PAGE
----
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‘Archie’s Superteens Versus Crusaders #1’ (review)

Written by Ian Flynn,
David Williams, Gary Martin
Art by Kelsey Shannon, David Williams,
Gary Martin, Jack Morelli
Published by Archie Comics
Released 6/20/18 / $3.99


It’s my own fault. I knew I shouldn’t have expected much from Archie’s Superteens Versus Crusaders.

It’s just that these have been some of my favorite characters for half a century and yet no one ever seems to know what to do with them!

In spite of positive expectations, this first of two issues turns out to be simply the latest example of that.

Let’s start with which versions of the characters these are in the first place. The Riverdale gang, at least, seems to be the current, semi-realistic comics versions of the past couple of years now. At least that’s how they start out.

The MLJ characters, though, seem to be the 1960s versions. This is driven home by the fact that Jughead starts his school day casually reading a copy of 1965’s Mighty Crusaders # 1.

Black Hood, the only real Crusader we even see in this issue, is the long lost yellow suited, motorcycle-riding, version. Finding himself immediately outclassed by a substitute teacher revealed as a mad scientist, who is visually almost a doppelganger of Marvel’s Red Ghost, Black Hood calls for help…only it never comes.

In fact, the only other Crusaders shown are in silhouette except for the Fox and someone who is most likely Steel Sterling. Not a one of the recognizable MLJ heroes from this issue’s front cover actually appears in the issue…nor are they identified anywhere in the book.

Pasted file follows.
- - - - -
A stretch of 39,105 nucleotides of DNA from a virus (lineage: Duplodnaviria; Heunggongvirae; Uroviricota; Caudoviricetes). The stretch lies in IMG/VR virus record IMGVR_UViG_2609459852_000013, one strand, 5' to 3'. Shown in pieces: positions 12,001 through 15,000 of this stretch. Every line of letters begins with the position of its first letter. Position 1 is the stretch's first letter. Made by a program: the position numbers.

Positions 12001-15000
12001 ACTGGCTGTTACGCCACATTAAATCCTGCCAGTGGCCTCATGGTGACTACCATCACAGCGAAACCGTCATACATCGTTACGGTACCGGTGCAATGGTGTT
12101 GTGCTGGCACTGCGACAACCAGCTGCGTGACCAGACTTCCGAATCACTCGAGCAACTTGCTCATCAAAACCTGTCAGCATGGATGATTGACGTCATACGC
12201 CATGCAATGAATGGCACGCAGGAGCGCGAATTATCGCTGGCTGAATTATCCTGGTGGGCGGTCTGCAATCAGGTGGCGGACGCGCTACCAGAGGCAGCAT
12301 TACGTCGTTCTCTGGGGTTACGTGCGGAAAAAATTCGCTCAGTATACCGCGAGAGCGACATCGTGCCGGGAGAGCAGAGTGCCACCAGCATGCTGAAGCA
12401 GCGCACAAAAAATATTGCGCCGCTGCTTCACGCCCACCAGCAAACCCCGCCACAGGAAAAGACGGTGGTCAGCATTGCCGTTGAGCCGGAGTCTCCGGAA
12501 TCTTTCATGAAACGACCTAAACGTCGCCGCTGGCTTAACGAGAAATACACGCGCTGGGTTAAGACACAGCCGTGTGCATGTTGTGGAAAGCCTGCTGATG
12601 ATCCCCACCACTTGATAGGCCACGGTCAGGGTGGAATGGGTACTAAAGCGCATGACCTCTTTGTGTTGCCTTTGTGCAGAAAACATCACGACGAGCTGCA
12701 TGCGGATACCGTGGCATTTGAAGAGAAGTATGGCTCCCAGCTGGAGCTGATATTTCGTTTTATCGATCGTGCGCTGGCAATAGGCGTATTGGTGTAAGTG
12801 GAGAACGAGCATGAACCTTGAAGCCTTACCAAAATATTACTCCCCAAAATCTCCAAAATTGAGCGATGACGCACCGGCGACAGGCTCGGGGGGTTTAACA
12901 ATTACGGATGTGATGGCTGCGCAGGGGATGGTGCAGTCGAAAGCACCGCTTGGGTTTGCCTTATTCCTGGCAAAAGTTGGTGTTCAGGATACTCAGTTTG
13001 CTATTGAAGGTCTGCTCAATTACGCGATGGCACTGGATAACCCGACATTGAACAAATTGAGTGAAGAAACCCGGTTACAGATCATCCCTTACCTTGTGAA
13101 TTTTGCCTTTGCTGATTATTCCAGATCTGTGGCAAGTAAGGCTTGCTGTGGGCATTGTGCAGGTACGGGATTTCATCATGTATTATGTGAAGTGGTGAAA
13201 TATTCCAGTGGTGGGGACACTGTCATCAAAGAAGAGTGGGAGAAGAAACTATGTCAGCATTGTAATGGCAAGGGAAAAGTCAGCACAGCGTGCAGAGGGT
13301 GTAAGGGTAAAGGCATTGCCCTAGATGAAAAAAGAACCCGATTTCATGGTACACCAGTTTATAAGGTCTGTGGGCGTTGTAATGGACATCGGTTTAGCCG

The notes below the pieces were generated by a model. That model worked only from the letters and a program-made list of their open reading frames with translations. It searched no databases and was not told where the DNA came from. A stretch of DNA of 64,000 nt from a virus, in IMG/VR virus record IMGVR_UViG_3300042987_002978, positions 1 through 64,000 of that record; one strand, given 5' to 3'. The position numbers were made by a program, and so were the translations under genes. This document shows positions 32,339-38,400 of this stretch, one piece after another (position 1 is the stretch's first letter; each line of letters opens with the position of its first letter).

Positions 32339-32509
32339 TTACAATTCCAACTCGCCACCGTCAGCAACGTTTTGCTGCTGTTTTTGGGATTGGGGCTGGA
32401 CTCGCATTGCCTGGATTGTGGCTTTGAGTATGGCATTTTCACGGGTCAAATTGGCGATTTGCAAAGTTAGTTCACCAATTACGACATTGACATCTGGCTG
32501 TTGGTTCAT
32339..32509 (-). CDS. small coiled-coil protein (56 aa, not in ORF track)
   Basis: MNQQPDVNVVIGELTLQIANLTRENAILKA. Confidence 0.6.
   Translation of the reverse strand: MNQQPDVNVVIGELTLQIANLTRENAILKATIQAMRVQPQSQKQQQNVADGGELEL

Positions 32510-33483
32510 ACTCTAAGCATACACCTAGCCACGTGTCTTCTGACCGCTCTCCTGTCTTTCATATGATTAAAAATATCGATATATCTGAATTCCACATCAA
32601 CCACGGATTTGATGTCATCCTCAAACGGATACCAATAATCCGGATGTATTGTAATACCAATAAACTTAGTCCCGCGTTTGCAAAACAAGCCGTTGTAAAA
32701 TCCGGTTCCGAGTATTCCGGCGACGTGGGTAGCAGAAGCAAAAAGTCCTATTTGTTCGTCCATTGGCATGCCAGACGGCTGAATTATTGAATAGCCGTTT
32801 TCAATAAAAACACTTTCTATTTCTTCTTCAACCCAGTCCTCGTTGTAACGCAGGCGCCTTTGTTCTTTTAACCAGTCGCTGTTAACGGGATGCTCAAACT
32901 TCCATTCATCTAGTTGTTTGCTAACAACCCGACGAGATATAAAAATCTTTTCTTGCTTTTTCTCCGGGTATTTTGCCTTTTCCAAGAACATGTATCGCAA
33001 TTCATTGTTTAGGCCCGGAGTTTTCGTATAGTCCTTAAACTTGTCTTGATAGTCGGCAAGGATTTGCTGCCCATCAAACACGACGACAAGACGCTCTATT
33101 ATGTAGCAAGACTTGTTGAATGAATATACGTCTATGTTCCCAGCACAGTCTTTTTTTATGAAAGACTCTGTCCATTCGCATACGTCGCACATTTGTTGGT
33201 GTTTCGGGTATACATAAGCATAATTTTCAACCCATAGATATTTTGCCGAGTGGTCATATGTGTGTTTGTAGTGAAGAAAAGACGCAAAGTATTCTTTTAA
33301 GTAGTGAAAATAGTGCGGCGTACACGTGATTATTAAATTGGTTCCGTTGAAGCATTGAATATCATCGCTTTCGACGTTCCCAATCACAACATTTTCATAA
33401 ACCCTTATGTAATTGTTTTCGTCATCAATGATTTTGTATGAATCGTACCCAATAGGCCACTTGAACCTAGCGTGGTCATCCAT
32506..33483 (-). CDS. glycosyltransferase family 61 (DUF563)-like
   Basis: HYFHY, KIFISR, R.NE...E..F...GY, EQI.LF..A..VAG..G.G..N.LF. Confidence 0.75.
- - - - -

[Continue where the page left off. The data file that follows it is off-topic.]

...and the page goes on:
As for Archie and buds, at first they’re scared of what’s happening at the school, but then, on the spur of the moment, it’s revealed that they are and have apparently long been superheroes themselves—although the bad guy, referring to them as cosplayers, has apparently never heard of them.

So Pureheart, Captain Hero, Superteen, and latecomer Miss Vanity from the 1980s, tackle the villain…and immediately lose in the issue’s cliffhanger. Where’s Black Hood during all this? Who knows? He disappears after his distress call seven pages earlier.

To be fair, maybe the next issue’s second and final part will pull this all together so it at least makes some kind of sense on its own terms. The problem is that the reader who buys THIS issue with its almost generic concepts is likely to feel so cheated he or she won’t return to find out.

The artwork is credited to three names—Kelsey Shannon, David Williams, and Gary Martin, with no breakdowns as to who did what. It’s good, though. I like the art. The writing credit goes to Martin and Williams along with Ian Flynn.

The funniest gag in the whole book is a throwaway random Beatles reference on the first page and it just seems out of place. I’m sorry to say that except for some amusing dialogue along the way it’s all downhill from there.

With no background info offered on who these characters are, I’m going to assume this book is written for those who already know them, those who already like them, those who have wanted to see a book like this for decades.

In that case, as that very person, I have to say I have rarely been so disappointed in a comic book story.


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